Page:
Visibly dominant contaminants of juice were identified and found to include spore-forming strains. Of the microbial strains that were isolated and identified, 85% were a species of Bacillus, with the majority being Bacillus megaterium (40%), and Bacillus cereus (30%). The chemical composition of spore structures is different from that of vegetative cells. In addition, the composition varies among species in the same genus, and can reduce the effectiveness of a biocide in a mixed culture of spore-formers   which   are   more   resistant   to   biocidal treatment than vegetative cells (Leggett et al., 2012).
 
Mycobacterium confluentis was also isolated from sorghum juice samples and comprised 10% of the identified strains. While Mycobacterium does not produce spores, mycolic acid lipid components of its cell envelope contribute to cell impermeability and can limit biocidal effectiveness (Marrakchi et al., 2014).


 CONCLUSION

Biocide treatment significantly  reduced  microbial  counts in juice from 4 in billets of M 81-E and Topper, and juice from 8 in billets of Dale. Biocide did not significantly reduce the microbial population of juice from either 4 in or 8 in billets of Theis. Biocide treatment did not eliminate microbial contamination from any juice samples, and seemed to have the greatest overall impact on juice from whole stalks, which had a lower total microbial population. Using biocide treatment for stabilizing sorghum juice prior to processing is not a long-term solution. Residual microbes will replicate and consume the sugars that are desired for fermentation. Biocides may be effective for  short-term  use  during  post-harvest processing. A combination of biocide treatments may also be necessary to give sufficiently broad control of microbes to prevent undesirable conversion of the sugars in sorghum juice prior to fermentation.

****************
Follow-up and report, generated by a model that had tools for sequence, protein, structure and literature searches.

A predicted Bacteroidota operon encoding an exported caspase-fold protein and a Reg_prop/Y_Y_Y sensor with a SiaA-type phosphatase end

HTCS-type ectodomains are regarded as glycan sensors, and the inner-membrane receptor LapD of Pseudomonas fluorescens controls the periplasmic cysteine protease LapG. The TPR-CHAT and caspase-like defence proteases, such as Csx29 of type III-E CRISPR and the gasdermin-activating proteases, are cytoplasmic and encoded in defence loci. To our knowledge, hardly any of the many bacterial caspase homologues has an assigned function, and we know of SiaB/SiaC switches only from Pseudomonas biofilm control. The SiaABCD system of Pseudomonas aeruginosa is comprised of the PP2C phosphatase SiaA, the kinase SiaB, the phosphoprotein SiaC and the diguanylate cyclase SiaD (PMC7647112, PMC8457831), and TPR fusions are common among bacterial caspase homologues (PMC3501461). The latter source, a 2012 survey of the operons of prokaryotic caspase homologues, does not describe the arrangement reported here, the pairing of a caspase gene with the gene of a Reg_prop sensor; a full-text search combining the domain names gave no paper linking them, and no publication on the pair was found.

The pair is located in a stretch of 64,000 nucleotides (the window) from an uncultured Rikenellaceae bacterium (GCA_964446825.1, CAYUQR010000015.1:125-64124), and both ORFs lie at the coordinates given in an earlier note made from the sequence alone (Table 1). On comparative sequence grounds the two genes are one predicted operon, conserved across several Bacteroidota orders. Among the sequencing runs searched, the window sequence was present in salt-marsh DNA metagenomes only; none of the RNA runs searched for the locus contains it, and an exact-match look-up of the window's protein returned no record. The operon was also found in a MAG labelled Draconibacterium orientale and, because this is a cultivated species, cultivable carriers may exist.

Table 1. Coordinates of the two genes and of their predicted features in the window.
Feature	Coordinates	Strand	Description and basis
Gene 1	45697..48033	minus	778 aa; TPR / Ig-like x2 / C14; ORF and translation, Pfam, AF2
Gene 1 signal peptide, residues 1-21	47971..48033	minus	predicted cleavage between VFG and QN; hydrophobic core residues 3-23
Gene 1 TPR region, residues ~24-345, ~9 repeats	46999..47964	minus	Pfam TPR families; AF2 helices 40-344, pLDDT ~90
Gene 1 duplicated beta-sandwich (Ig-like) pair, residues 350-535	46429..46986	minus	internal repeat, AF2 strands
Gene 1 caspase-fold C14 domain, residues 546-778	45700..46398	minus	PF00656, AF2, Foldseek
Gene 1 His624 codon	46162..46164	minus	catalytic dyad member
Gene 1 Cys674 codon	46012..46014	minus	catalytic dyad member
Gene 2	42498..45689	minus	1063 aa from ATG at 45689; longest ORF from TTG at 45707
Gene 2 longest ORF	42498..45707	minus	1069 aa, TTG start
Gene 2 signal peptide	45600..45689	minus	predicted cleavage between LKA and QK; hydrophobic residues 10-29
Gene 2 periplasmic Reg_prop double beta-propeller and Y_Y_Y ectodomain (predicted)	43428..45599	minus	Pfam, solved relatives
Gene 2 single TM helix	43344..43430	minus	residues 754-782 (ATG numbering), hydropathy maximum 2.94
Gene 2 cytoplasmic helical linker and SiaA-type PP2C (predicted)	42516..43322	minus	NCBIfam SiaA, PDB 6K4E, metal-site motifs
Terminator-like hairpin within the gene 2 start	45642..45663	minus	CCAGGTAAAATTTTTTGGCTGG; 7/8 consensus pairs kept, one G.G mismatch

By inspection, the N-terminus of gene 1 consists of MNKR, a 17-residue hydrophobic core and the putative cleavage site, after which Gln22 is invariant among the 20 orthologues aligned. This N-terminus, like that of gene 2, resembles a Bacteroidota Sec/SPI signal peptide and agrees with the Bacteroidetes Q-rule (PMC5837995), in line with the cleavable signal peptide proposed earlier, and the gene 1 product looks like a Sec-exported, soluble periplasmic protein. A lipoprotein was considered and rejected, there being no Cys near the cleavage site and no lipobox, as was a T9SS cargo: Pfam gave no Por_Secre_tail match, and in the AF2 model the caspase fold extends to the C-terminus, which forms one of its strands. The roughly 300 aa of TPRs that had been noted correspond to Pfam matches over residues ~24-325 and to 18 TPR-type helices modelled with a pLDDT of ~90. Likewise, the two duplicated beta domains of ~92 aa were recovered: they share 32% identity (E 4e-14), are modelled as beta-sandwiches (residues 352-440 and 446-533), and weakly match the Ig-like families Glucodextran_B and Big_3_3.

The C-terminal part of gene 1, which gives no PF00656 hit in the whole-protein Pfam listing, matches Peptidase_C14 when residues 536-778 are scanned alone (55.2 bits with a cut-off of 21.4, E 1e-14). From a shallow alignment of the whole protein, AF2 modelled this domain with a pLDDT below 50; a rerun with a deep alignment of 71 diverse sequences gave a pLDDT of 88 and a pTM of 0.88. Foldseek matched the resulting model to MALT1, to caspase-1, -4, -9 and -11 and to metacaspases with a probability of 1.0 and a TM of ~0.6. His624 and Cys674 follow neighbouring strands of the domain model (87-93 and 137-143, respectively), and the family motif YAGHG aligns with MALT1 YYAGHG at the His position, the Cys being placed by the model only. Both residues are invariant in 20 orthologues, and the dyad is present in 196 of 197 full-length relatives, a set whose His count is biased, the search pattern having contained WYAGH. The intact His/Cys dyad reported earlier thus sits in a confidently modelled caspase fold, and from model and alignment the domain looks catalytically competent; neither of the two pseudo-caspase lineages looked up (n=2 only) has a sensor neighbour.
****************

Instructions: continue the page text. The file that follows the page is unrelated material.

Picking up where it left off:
CONFLICT OF INTERESTS

The author has not declared any conflict of interests.



 REFERENCES

Almodares A, Hadi MR (2009). Production of bioethanol from sweet sorghum; a review. Afr. J. Agric. Res. 4(9):772-780.

 

Audubon Sugar Institute (ASI) (2002). Annual Report 2001-2002 pp. 1-24.

 
 

Leggett MJ, McDonnell G, Denyer SP, Setlow P, Maillard JY (2013). Bacterial spore structures and their protective role in biocide resistance. J. Appl. Microbiol. 113:485-498.
Crossref

 
 

Linton JA, Miller JC, Little RD, Petrolia RD, Coble KH (2011). Economic feasibility of producing sweet sorghum as an ethanol feedstock in the southeastern United States. Biomass Bioenergy 35(7):3050-3057.
Crossref

 
 

Marrakchi H, Laneelle MA, Daffe M (2014). Mycolic acids: structures, biosynthesis, and Beyond. Chem Biol 21:67-85.
Crossref

 
 

Michelena G, Martinez A, Cerutti G, Coronel M, Bell A, Carrera E, Lopez-Murguia A, Portuondo R, Mergarejo L, Steele FM (2006). Inhibitory effect on Leuconostoc and other Bacteria. Int. Sugar J. 108:44-48.

 
 

Nghiem NP, Nguyen CM, Drapcho CM, Walker TH (2013). Sweet sorghum biorefinery for production of fuel ethanol and value-added co-products. Biol Eng Trans 6(3):143-155.

 
 

Ratnavathi CV, Chakravarthy SK, Komala VV, Chavan UD, Patil JV (2011). Sweet sorghum as feedstock for biofuel production: a review. Sugar Tech. 13(4):399-407.
Crossref